Prosecutor Bobbie Cheema told Manchester Crown Court that police were called when 33-year-old Mohammed Sajid Khan and his 38-year-old wife Shasta got into an argument at their home last July.
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Shasta's family was drawn into the squabble, and at one point the dispute got physical, with Mohammed assaulting his father-in-law.
Officers called to deal with a domestic violence episode got a little more than they bargained for, Cheema told the jury in opening remarks delivered last month.
She said that one of Shasta's brothers told the officers Mohammed was "a home-grown terrorist." Shasta joined in too, proceeding to "spill the beans" on her husband's terrorist activities all while denying she had anything to do with them.
Officers searching the home found beheading videos, al-Qaeda propaganda, bomb-making guides, safety goggles, syringes, peroxide, bleach and electrical equipment.
Detectives perusing the pair's computer records found evidence of Web searches for information on how to make explosives from acid and bleach, as well as notes referring to firearms and addresses at the heart of Manchester's Jewish community.
An examination of the satellite navigation in Shasta Khan's car showed several trips to Jewish areas of the city.
Cheema said the pair who met on a Muslim dating website in July 2010 and married shortly thereafter had been radicalized by material such as al-Qaeda's "Inspire," an online magazine aimed at English-speaking Muslims. But she said that the "path from radicalization to atrocity" appeared to have broken by the deterioration of "internal domestic affairs."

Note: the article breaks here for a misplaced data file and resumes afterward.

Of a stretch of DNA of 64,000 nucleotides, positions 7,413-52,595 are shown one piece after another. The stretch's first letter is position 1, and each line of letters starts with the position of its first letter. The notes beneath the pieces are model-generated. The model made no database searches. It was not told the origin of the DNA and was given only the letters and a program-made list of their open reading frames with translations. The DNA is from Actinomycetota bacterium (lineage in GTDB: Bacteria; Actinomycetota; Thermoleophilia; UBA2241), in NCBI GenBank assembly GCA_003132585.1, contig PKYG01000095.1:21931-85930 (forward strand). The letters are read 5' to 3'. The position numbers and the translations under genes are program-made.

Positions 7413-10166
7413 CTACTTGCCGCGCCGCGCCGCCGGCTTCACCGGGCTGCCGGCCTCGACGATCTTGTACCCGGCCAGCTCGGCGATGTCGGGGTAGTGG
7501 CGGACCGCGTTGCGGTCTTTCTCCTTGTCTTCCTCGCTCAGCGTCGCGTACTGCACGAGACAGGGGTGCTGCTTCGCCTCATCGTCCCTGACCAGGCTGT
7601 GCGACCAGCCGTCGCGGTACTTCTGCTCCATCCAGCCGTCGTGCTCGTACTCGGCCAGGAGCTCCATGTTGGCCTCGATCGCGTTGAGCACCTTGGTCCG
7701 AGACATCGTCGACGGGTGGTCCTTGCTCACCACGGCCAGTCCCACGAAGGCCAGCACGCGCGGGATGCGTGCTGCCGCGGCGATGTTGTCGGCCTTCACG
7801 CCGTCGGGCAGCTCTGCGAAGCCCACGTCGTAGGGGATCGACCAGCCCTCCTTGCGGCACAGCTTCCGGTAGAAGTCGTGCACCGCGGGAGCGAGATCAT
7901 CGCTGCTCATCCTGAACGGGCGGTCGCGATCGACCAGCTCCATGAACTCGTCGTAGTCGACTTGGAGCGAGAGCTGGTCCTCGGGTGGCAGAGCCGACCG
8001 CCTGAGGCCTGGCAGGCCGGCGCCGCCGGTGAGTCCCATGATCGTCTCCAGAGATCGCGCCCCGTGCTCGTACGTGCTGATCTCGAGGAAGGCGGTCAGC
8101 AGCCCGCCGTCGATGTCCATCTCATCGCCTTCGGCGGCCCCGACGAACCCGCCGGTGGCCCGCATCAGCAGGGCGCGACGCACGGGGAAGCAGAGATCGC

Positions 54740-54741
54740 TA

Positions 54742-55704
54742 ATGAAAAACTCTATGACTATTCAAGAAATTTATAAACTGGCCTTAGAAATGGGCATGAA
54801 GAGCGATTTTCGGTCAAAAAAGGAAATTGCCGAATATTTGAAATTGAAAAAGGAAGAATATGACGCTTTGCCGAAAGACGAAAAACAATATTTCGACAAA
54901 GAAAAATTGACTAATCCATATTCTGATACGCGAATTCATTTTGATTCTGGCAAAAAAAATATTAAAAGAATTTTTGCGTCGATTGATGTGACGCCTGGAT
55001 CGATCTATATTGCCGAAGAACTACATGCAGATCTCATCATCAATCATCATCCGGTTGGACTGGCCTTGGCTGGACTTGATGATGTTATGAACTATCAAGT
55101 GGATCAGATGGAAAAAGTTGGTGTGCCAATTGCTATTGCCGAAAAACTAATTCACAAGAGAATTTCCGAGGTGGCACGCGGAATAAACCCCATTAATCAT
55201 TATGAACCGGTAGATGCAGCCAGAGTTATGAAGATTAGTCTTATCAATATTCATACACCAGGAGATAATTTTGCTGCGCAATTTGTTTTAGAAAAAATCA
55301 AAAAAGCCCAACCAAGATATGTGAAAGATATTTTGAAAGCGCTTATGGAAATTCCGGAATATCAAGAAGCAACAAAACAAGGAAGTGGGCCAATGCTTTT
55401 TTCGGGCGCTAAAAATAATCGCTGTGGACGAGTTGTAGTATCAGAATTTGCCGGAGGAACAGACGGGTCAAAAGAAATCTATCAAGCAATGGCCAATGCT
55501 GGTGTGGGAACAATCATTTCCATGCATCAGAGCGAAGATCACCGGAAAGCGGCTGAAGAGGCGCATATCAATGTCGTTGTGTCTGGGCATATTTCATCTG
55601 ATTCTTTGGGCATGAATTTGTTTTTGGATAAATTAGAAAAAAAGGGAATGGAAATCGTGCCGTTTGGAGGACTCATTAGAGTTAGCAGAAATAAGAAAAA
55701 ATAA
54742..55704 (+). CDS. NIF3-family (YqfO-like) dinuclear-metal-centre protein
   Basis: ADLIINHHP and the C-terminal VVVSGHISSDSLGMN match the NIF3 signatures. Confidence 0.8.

Shasta Khan, who denied all wrongdoing, burst into tears Thursday when she was convicted of one count of preparing for acts of terrorism and two counts of possessing information useful for the purposes of terrorism. She wailed as she was led into the cells.
Her husband had pleaded guilty at an earlier hearing. Both are due to be sentenced Friday.
Jewish protection group the Community Service Trust said that the jury saw evidence of anti-Semitic incitement and noted that the couple "researched Jewish neighborhoods and had driven to these areas in order to engage in hostile reconnaissance against them."
"The verdict shows the "reality of anti-Jewish terrorism in Britain today," trust spokesman Mark Gardner said in a statement.
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